four minutes of Taylor Swift can spark feel-good chemicals, according to new research
Taylor swift may take away the blues
Scientists have found a new way to send our 'happy chemical' dopamine levels soaring. This is by belting out Taylor Swift’s hit 'Shake It Off'.
Get active from the comfort of your own home
Don't beat yourself up if you're struggling to kickstart the motivation to work out. A new study has found an alternative way to exercise. This is by cultivating short bursts of highs right from your living room.
Neuroscientists that specialise in brain and emotion-based research - have found that just four minutes of singing your heart out can send your heart rate soaring as high as 139bpm. As a result, your body will benefit in the same way as a vigorous workout.
Group exercise lifts the workout spirits
The study uncovered that belting out a tune as a group enhanced the euphoria further. Heart rates peaked as high as 153bpm in the groups observed. This is equivalent to entering a high intensity cardio zone.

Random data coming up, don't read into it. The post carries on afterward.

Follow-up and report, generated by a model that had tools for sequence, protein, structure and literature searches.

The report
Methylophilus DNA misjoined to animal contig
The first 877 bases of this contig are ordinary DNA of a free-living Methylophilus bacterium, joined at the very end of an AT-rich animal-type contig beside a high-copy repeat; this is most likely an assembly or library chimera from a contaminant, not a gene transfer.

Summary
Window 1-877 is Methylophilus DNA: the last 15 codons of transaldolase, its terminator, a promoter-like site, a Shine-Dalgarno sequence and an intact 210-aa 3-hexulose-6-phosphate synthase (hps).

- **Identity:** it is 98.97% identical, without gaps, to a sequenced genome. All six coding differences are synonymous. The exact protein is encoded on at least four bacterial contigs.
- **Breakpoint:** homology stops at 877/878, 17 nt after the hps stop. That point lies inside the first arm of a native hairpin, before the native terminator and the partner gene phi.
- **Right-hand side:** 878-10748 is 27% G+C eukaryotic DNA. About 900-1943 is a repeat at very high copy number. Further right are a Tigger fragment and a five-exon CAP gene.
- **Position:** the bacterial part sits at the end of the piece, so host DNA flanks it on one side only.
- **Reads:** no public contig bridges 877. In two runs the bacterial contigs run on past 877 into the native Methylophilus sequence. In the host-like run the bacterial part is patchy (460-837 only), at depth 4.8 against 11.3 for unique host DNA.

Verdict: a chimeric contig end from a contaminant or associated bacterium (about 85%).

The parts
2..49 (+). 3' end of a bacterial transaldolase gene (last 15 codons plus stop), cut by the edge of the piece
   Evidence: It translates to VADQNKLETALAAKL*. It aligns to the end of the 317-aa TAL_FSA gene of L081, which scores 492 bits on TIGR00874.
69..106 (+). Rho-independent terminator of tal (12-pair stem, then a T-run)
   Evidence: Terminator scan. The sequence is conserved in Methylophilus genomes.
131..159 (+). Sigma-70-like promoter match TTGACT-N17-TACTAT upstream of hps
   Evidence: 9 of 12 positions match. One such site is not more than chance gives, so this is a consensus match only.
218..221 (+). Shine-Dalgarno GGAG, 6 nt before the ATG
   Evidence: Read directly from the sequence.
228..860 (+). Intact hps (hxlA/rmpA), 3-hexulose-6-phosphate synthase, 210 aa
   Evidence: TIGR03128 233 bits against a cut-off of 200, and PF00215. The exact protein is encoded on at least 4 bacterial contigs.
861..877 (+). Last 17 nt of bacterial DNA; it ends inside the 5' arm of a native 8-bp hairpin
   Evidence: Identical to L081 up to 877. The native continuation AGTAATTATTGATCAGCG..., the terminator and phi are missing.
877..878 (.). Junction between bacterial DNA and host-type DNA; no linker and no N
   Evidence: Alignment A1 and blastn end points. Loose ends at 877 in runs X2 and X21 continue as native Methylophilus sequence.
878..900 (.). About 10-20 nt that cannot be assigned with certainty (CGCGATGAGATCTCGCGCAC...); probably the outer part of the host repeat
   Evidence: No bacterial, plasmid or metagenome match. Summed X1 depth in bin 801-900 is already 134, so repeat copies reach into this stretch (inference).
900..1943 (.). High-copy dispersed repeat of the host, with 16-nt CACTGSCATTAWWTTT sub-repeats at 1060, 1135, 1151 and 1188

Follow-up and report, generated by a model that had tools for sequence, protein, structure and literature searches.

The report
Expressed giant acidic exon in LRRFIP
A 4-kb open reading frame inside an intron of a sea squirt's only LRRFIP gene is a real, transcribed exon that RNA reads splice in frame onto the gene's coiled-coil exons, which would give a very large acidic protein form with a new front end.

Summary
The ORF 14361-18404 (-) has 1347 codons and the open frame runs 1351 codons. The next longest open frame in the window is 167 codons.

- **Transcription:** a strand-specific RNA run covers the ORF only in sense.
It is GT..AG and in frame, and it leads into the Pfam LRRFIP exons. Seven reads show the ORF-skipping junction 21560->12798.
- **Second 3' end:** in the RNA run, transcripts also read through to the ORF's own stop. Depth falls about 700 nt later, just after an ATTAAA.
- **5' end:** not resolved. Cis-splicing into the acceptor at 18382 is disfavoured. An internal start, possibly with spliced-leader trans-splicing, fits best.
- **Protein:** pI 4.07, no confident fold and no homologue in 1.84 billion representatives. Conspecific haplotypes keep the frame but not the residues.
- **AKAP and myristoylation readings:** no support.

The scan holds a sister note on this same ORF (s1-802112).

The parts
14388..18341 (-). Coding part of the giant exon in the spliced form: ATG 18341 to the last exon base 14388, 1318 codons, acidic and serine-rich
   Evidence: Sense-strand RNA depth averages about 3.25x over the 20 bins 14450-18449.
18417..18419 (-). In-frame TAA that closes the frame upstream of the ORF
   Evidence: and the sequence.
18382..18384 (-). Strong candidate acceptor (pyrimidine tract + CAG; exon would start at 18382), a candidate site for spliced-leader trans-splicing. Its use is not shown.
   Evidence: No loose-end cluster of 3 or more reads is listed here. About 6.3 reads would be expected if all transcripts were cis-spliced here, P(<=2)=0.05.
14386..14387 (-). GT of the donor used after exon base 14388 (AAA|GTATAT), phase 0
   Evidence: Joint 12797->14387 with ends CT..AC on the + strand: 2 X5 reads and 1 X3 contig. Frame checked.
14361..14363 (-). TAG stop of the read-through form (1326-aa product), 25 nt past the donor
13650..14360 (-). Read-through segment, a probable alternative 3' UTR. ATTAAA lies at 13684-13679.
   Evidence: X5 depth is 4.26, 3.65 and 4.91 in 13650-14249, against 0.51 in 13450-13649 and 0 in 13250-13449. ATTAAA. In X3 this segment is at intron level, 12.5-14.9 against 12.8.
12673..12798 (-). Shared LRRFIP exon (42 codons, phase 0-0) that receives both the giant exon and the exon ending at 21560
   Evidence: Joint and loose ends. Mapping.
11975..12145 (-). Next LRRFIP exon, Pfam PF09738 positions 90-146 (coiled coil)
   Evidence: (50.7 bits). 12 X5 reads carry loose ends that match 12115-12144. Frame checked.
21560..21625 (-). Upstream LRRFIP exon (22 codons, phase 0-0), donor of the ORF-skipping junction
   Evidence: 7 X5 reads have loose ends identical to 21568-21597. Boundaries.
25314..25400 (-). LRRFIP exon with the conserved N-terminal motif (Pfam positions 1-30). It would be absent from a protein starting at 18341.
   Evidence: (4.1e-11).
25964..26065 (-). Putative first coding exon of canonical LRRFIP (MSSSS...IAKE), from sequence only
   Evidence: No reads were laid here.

Brainwave responses revealed pleasure rocketed by up to 108 per cent when participants crooned classics such as Uptown Funk (Mark Ronson ft Bruno Mars), Call me Maybe (Carly Rae Jepson) and Shake it Off (Taylor Swift) in short four-minute intervals.
A new music-streaming app
The RythymNotBlues study was commissioned by ROXi, a new free TV Music App on Smart TVs including Sky Q, Amazon Fire TV, Android TV and Google TVs.
The British TV-based streaming service backed by the likes of Kylie Minogue, Robbie Williams and Sheryl Crow, investigated the physiological responses of 16 participants undertaking a series of different music experiences over a period of 24 hours.
Monitored with high-tech devices that gathered the wearer’s heart rate, happiness, engagement, relaxation and synchronicity - the closest thing to bonding.
The experiment analysed the differences between: listening to a track (audio only), watching a music video (audio visual) and singing along to four minutes of the same song. And compared the effects of doing each activity individually versus with a friend or family member.
Like exercise, the experiment revealed, the more you put in - the more you get out.